BUSD Announces the Passing of Icon Steve Campbell

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Steve Campbell

Sad news today from the Burbank Unified School District of the passing of former teacher/mentor Steve Campbell. They released the following:

Steve Campbell

The Superintendent’s Office has been informed of the sad news of the passing of long-time District teacher Steve Campbell. Steve began working for BUSD at Jordan Junior High (now Dolores Huerta Middle School) in 1965. He started out teaching English and Spanish and in 1970 took over the Journalism department. In 1991 he transferred to John Burroughs High School, where he continued teaching until his retirement in 2006. A gifted educator, he touched the lives of countless students during his 41-year career with BUSD. He was preceded in death by his partner of 37 years, Carlton Maddox, whom he married in 2013.

In 2018 a group of his former students (“Campbell Kids”) and colleagues got together and, working with the Board of Education, renamed the John Burroughs High School library in his honor. The Steve Campbell Library is just one way his influence will live on in our community. To read more about Steve Campbell’s impact and accomplishments—and why being a “Campbell Kid” was considered an honor and a privilege—please see the attachment, which was lovingly compiled by his friends and colleagues on the occasion of his retirement.

The March 3, 2022 Board of Education meeting will be adjourned in memory of Steve Campbell.

Some of Steve Campbell’s Accomplishments

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Burbank Chamber
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Steve Campbell has been called an institution. If he is an institution it is because he has helped build the institutions he worked for.

Steve Campbell taught in Burbank for 41 years at Jordan Junior High [now Dolores Huerta Middle School], the Burbank Adult School, and John Burroughs High School.

He taught Spanish, Journalism, ninth-grade English, and ESL at the Adult School.

He was Jordan’s ASB Advisor for 21 years.

He instituted the Jordan Art Gallery Competition and the Jordan Gallery of ASB Presidents in the Jordan Cafeteria.

During his 41 years of teaching he was named Optimist Teacher of the Year twice, Masonic Teacher of the Year, and nominated repeatedly for District Teacher of the Year.

He has been the recipient of the PTA Honorary Service Award and the District Brava Award.

And he’s been in every edition of “Who’s Who Among America’s Teachers” since its inception.

When he was Jordan’s journalism advisor, the Star was the highest-rated junior high school newspaper in the nation.

The Lair, Jordan’s literary magazine, was Steve’s creation, as well as the Blue–Gold competitions that continue to this day.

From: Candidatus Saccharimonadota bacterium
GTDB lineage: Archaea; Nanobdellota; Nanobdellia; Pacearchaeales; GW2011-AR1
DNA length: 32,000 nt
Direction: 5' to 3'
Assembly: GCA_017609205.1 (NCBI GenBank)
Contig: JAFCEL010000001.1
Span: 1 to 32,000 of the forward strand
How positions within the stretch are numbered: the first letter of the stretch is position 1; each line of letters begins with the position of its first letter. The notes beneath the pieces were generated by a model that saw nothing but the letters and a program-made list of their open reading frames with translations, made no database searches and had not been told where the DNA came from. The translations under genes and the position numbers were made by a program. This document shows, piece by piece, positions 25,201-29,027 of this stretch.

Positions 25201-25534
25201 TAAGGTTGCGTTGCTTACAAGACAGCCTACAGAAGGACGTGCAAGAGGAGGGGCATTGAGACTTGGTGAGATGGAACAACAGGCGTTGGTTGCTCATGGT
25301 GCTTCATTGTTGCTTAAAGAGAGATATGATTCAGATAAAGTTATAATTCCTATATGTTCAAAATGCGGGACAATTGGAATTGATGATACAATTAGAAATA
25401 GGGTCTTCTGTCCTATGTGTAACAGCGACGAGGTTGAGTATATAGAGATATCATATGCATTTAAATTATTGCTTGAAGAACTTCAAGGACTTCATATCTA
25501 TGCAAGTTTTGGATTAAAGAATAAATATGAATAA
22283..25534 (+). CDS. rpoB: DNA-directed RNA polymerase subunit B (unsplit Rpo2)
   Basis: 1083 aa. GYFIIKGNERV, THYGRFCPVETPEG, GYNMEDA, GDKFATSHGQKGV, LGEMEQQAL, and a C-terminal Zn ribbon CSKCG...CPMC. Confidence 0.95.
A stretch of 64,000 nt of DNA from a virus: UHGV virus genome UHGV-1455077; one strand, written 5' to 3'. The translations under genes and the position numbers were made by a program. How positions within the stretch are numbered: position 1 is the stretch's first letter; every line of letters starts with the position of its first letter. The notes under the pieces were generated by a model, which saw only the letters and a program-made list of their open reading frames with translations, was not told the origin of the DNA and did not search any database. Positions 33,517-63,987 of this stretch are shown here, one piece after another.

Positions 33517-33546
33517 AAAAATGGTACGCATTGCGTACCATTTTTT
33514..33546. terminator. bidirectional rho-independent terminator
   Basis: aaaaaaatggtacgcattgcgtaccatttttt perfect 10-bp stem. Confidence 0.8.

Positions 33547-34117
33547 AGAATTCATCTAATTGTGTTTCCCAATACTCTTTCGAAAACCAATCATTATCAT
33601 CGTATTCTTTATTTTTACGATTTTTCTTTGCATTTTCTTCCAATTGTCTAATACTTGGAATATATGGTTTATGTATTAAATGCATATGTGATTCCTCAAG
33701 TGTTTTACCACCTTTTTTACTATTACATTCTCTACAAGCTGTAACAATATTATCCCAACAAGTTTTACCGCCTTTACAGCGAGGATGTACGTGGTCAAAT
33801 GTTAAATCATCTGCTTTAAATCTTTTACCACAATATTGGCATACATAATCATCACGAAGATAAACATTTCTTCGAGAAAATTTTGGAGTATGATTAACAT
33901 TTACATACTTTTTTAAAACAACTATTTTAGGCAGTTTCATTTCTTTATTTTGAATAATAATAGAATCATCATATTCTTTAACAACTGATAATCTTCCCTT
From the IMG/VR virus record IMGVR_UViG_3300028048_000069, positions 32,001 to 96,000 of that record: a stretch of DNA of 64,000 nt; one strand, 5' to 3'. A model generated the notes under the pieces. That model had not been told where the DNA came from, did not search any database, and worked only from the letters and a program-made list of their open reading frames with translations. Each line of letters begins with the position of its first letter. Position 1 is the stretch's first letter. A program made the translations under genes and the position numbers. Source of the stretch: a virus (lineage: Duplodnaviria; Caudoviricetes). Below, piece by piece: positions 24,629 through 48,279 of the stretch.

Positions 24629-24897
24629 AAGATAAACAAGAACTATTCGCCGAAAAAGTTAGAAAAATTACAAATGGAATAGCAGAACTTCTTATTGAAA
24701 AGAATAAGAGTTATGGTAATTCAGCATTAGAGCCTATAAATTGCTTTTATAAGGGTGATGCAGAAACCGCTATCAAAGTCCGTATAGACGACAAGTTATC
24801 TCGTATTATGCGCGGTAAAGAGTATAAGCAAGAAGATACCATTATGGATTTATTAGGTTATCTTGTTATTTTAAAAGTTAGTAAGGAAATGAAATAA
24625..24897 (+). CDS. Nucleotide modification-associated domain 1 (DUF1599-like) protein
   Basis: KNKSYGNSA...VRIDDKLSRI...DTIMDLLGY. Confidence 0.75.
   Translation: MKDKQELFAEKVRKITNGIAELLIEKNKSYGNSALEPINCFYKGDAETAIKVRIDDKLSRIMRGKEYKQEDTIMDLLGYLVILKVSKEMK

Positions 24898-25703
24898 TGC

Pepperdine University judged his journalism department, school newspaper, yearbook, and literary magazine the best in L.A. County.

Steve Campbell has also been called a legend because he is the most memorable teacher any student has ever been lucky enough to have. Every student he has taught holds the title of “Campbell Kid” as if it were an Oscar. These students came back year after year to tell him about the impact he made on their lives. Former students, who are now grandparents, would insist that their grandchild be placed in Mr. Campbell’s class. Campbell Kids remember the vocabulary he taught them, they know the grammar, and root words, 100 useful aphorisms, and the reading and writing, but most of all they remember Mr. Campbell and how they learned to know themselves and became organized and successful students under his nurturing guidance.

His impact and his contributions will live on through his former students and colleagues. Steve Campbell will be remembered by many students as the best, most caring, most dedicated, dramatic, memorable, and inspirational teacher they ever had.

Editor’s Note: Steve Campbell was probably the largest influence I had for getting into journalism. His attention to detail and expecting more from his students to drive them was his passion. He always treated his students with respect, listened to their opinions, and treated us like adults. That made an impression on me later that I used in my 40 years as a high school baseball coach. I also fondly remember the trips to Perperdine’s new (at the time) Malibu campus to participate in the journalism awards and the car washes in the faculty parking lot to raise money for those trips. Later, as a coach, we would have an occasional game at Pepperdine and my first thought arriving on that campus was our trips there from Jordan. I am convinced that there would not be a myBurbank today without Steve Campbell’s influence over me in the early ’70s. – Craig Sherwood

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